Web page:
His team is also hard at work perfecting their “Awesome Haskell FPGA Compiler” whihc lets developers express hardware solutions in a high-level domain specific language in much the same way their work with SKA is allowing. The environment would allow software simulation and testing in an interactive environment to wick away the long development time that are the bane of FPGA design. The solution that can be kicked to the overall environment and ready to run in some unique data-intensive areas, like SKA.

Braam is a Haskell believer in the same way he believed in his pioneering work on Lustre. “People said you’re wasting your time,” he reminisced. While the use cases may be small, as big data and more complex models drive further into both research and enterprise settings, the appeal of a functional language that emphasizes correctness and productivity will reveal itself.

 

Subscribe to HPCwire's Weekly Update!

Be the most informed person in the room! Stay ahead of the tech trends with industy updates delivered to you every week!

Honeywell’s Big Bet on Trapped Ion Quantum Computing

April 7, 2020

Honeywell doesn’t spring to mind when thinking of quantum computing pioneers, but a decade ago the high-tech conglomerate better known for its control systems waded deliberately into the then calmer quantum computing ( Read more…

By John Russell

Ethernet Technology Consortium Launches 800 Gigabit Ethernet Specification

April 7, 2020

The newly rebranded Ethernet Technology Consortium (ETC), formerly known as the 25 Gigabit Ethernet Consortium, announced a new 800 Gigabit Ethernet specification and an expanded scope aimed at meeting the needs of perfo Read more…

By Tiffany Trader

Spanish Researchers Introduce HPC-Ready COVID-19 Spread Simulator

April 7, 2020

With governments in a mad scramble to identify the policies most likely to curb the spread of the pandemic without unnecessarily crippling the global economy, researchers are turning to AI and high-performance computing Read more…

By Oliver Peckham

Stony Brook Researchers to Run COVID-19 Simulations on Supercomputers

April 6, 2020

A wide range of supercomputers are crunching the infamous “spike” protein of the novel coronavirus, from Summit more than a month ago to [email protected] to a Russian cluster just a week ago. Read more…

By Staff report

What’s New in Computing vs. COVID-19: Fast-Tracked Research, Susceptibility Study, Antibodies & More

April 6, 2020

Supercomputing, big data and artificial intelligence are crucial tools in the fight against the coronavirus pandemic. Around the world, researchers, corporations and governments are urgently devoting their computing reso Read more…

By Oliver Peckham

AWS Solution Channel

Amazon FSx for Lustre Update: Persistent Storage for Long-Term, High-Performance Workloads

Last year I wrote about Amazon FSx for Lustre and told you how our customers can use it to create pebibyte-scale, highly parallel POSIX-compliant file systems that serve thousands of simultaneous clients driving millions of IOPS (Input/Output Operations per Second) with sub-millisecond latency. Read more…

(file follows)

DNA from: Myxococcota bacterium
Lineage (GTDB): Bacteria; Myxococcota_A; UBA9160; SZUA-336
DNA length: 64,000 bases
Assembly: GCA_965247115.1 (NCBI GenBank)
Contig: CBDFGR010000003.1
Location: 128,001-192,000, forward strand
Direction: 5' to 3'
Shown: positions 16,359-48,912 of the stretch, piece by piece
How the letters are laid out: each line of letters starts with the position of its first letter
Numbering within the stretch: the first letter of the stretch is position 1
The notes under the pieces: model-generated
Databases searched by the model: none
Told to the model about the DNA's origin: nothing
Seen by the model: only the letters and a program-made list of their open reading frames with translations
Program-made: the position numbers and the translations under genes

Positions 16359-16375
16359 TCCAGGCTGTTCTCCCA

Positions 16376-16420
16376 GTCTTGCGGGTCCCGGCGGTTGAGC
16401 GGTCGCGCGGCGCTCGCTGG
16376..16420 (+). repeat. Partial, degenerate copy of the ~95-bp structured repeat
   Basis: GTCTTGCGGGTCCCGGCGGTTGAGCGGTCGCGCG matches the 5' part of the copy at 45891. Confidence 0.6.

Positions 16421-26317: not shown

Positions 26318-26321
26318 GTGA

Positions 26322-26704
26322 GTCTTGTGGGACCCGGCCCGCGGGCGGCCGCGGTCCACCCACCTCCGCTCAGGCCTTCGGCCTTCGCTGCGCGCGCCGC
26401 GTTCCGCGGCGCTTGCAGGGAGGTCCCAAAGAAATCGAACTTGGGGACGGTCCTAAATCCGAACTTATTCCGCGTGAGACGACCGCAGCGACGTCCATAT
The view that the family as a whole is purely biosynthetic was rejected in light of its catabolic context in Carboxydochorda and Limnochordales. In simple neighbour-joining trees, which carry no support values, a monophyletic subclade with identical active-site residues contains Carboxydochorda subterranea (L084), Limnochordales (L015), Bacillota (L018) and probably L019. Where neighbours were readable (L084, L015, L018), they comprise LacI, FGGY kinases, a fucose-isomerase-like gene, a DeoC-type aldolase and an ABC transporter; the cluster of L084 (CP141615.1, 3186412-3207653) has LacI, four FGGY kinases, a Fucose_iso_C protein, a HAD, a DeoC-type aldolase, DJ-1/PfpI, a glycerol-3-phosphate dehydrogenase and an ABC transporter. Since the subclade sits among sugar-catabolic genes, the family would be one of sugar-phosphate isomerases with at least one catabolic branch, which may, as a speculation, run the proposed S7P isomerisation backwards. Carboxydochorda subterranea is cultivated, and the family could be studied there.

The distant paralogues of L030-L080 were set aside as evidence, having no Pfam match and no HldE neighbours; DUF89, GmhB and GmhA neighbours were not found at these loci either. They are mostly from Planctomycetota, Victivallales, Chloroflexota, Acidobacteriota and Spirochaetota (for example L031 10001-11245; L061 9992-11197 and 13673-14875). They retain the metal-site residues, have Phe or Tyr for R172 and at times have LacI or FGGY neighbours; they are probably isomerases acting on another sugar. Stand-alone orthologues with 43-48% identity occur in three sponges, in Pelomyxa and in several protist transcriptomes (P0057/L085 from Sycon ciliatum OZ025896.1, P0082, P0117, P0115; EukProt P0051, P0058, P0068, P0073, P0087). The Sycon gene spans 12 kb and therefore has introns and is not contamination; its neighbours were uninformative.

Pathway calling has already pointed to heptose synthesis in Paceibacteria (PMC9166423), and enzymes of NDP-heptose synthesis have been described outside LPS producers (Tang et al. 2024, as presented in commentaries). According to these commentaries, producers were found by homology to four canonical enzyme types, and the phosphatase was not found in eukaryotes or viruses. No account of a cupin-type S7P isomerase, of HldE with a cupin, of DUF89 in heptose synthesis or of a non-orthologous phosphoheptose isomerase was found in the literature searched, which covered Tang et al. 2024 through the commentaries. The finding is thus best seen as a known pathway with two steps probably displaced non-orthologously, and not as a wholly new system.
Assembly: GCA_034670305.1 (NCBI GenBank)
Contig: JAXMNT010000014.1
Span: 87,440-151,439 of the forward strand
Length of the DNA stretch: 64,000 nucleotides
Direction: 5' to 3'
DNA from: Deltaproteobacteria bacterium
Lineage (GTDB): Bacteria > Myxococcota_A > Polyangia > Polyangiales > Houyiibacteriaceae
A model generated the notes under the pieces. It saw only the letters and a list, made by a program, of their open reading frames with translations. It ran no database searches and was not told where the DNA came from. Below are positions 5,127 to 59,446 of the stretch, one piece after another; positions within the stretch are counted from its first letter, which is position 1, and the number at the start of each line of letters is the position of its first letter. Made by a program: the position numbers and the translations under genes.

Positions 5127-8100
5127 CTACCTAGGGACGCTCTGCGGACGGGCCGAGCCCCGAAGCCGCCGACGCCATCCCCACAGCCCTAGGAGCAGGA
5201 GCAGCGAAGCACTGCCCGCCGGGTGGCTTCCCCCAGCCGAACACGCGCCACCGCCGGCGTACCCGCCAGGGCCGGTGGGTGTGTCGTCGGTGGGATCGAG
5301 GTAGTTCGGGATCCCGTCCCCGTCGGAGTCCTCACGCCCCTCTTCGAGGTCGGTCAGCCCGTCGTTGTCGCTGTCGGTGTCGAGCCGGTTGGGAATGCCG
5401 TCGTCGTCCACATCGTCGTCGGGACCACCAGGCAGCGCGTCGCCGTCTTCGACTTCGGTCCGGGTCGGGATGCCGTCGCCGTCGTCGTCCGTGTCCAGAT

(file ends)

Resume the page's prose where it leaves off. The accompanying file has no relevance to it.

Army Seeks AI Ground Truth

April 3, 2020

Deep neural networks are being mustered by U.S. military researchers to marshal new technology forces on the Internet of Battlefield Things. U.S. Army and industry researchers said this week they have developed a “c Read more…

By George Leopold

Honeywell’s Big Bet on Trapped Ion Quantum Computing

April 7, 2020

Honeywell doesn’t spring to mind when thinking of quantum computing pioneers, but a decade ago the high-tech conglomerate better known for its control systems Read more…

By John Russell

Ethernet Technology Consortium Launches 800 Gigabit Ethernet Specification

April 7, 2020

The newly rebranded Ethernet Technology Consortium (ETC), formerly known as the 25 Gigabit Ethernet Consortium, announced a new 800 Gigabit Ethernet specificati Read more…

By Tiffany Trader

ECP Milestone Report Details Progress and Directions

April 1, 2020

The Exascale Computing Project (ECP) milestone report issued last week presents a good snapshot of progress in preparing applications for exascale computing. Th Read more…

By John Russell

Pandemic ‘Wipes Out’ 2020 HPC Market Growth, Flat to 12% Drop Expected

March 31, 2020

As the world battles the still accelerating novel coronavirus, the HPC community has mounted a forceful response to the pandemic on many fronts. But these efforts won't inoculate the HPC industry from the economic effects of COVID-19. Market watcher Intersect360 Research has revised its 2020 forecast for HPC products and services, projecting... Read more…

By Tiffany Trader

LLNL Leverages Supercomputing to Identify COVID-19 Antibody Candidates

March 30, 2020

As COVID-19 sweeps the globe to devastating effect, supercomputers around the world are spinning up to fight back by working on diagnosis, epidemiology, treatme Read more…

By Staff report

Weather at Exascale: Load Balancing for Heterogeneous Systems

March 30, 2020

The first months of 2020 were dominated by weather and climate supercomputing news, with major announcements coming from the UK, the European Centre for Medium- Read more…

By Oliver Peckham

Q&A Part Two: ORNL’s Pooser on Progress in Quantum Communication

March 30, 2020

Quantum computing seems to get more than its fair share of attention compared to quantum communication. That’s despite the fact that quantum networking may be Read more…

By John Russell

DoE Expands on Role of COVID-19 Supercomputing Consortium

March 25, 2020